((You should take a look at Natasha’s Pinterest Aesthetic Board for this; it definitely adds to the visuals.))

  • I’d give it ★★★★★ stars.
  • I won my copy in a giveaway on Twitter! )And it’s definitely a ‘never getting rid of this copy/not lending it out’ kind of book.)
  • I highly recommend this to everyone!! Go. Stop reading this and go read THAT.


 Natasha Ngan is a writer and yoga teacher. She grew up between Malaysia, where the Chinese side of her family is from, and the UK. This multicultural upbringing continues to influence her writing, and she is passionate about bringing diverse stories to teens. Natasha studied Geography at the University of Cambridge before working as a social media consultant and fashion blogger.

She recently moved to Paris, where she likes to imagine she drifts stylishly from brasserie to brasserie, notepad in one hand, wineglass in the other. In reality, she spends most of her time getting lost on the metro and confusing locals with her French.

She is represented by Taylor Haggerty at Root Literary. Her YA novels THE ELITES and THE MEMORY KEEPERS are out now from Hot Key Books, and GIRLS OF PAPER AND FIRE will be published in October 2018 by Jimmy Patterson/Little Brown (US) and Hodder & Stoughton (UK). Head on over to the Books page for more info!

Natasha is also co-owner of fashion, travel and lifestyle blog Girl in the Lens.


Becoming Mrs. Lewis (Review)


The love story of C. S. Lewis and his only wife, Helen Joy Davidman Gresham, was improbable-and seemingly impossible. Their Eros-story led to some of C. S. Lewis’s greatest works on love, grief, and faith, yet Joy is most commonly known for how she died. Becoming Mrs. Lewis allows us to see how this brilliant and passionate woman lived-and why she stole Jack’s heart.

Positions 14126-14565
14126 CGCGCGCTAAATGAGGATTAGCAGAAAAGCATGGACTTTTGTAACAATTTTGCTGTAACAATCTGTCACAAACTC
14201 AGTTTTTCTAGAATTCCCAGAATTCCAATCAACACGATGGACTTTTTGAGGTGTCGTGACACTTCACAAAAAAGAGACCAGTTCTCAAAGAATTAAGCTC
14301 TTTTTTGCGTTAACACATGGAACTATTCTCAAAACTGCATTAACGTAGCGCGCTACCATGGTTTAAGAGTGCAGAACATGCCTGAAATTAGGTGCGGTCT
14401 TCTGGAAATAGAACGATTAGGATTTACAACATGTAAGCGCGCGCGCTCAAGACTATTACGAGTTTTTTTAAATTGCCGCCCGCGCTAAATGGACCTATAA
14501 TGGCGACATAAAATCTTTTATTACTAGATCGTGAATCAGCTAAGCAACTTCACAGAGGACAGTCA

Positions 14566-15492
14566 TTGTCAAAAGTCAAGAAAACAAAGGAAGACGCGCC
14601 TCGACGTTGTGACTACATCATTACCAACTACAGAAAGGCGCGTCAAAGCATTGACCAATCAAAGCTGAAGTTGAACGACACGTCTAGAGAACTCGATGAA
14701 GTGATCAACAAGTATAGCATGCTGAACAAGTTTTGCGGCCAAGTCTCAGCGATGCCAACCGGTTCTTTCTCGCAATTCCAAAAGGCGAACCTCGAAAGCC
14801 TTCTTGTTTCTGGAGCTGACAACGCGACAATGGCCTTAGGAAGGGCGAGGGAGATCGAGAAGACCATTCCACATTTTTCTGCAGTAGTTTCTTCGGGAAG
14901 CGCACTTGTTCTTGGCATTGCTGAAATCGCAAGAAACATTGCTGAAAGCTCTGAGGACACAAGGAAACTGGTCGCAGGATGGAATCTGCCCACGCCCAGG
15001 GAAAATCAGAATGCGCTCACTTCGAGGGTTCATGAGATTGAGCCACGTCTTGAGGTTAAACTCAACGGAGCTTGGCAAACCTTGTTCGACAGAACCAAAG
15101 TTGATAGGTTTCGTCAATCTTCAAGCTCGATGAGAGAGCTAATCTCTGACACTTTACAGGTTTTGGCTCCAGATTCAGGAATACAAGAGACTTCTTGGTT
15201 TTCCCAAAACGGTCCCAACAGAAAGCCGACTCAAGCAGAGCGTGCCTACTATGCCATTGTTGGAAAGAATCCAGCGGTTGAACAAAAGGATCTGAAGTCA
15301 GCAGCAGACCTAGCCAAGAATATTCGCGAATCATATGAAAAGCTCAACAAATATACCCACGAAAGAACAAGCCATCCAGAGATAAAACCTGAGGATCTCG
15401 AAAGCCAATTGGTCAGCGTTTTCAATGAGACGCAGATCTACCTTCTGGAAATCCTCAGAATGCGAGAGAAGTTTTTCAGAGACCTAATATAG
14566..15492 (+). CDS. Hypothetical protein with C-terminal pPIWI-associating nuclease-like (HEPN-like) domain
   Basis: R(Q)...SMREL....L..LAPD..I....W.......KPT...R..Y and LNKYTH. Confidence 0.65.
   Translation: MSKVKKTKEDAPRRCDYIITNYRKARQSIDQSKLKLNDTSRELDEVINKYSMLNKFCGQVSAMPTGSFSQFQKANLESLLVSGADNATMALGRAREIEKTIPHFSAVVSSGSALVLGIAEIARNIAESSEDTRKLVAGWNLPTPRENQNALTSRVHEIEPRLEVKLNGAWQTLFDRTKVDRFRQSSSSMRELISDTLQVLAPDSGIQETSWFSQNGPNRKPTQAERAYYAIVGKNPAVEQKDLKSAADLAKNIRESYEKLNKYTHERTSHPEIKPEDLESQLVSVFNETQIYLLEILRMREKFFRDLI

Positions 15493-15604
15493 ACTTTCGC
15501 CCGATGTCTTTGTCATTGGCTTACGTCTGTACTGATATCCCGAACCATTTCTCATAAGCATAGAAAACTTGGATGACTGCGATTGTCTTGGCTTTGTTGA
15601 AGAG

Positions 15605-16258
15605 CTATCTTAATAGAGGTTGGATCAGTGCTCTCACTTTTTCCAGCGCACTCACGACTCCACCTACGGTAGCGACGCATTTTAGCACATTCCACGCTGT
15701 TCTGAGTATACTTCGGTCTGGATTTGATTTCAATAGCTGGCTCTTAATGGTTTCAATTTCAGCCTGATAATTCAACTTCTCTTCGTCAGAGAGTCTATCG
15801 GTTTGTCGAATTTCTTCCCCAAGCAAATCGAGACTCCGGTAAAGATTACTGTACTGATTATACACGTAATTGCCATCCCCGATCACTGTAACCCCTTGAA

In a most improbable friendship, she found love. In a world where women were silenced, she found her voice. In a God beyond the religion of her birth, she found faith.

From New York Times bestselling author Patti Callahan comes an exquisite novel of Joy Davidman, the woman C. S. Lewis called “my whole world.” When poet and writer Joy Davidman began writing letters to C. S. Lewis-known as Jack-she was looking for spiritual answers, not love. Love, after all, wasn’t holding together her crumbling marriage. Everything about New Yorker Joy seemed ill-matched for an Oxford don and the beloved writer of Narnia, yet their minds bonded over their letters. Embarking on the adventure of her life, Joy traveled from America to England and back again, facing heartbreak and poverty, discovering friendship and faith, and against all odds, finding a love that even the threat of death couldn’t destroy.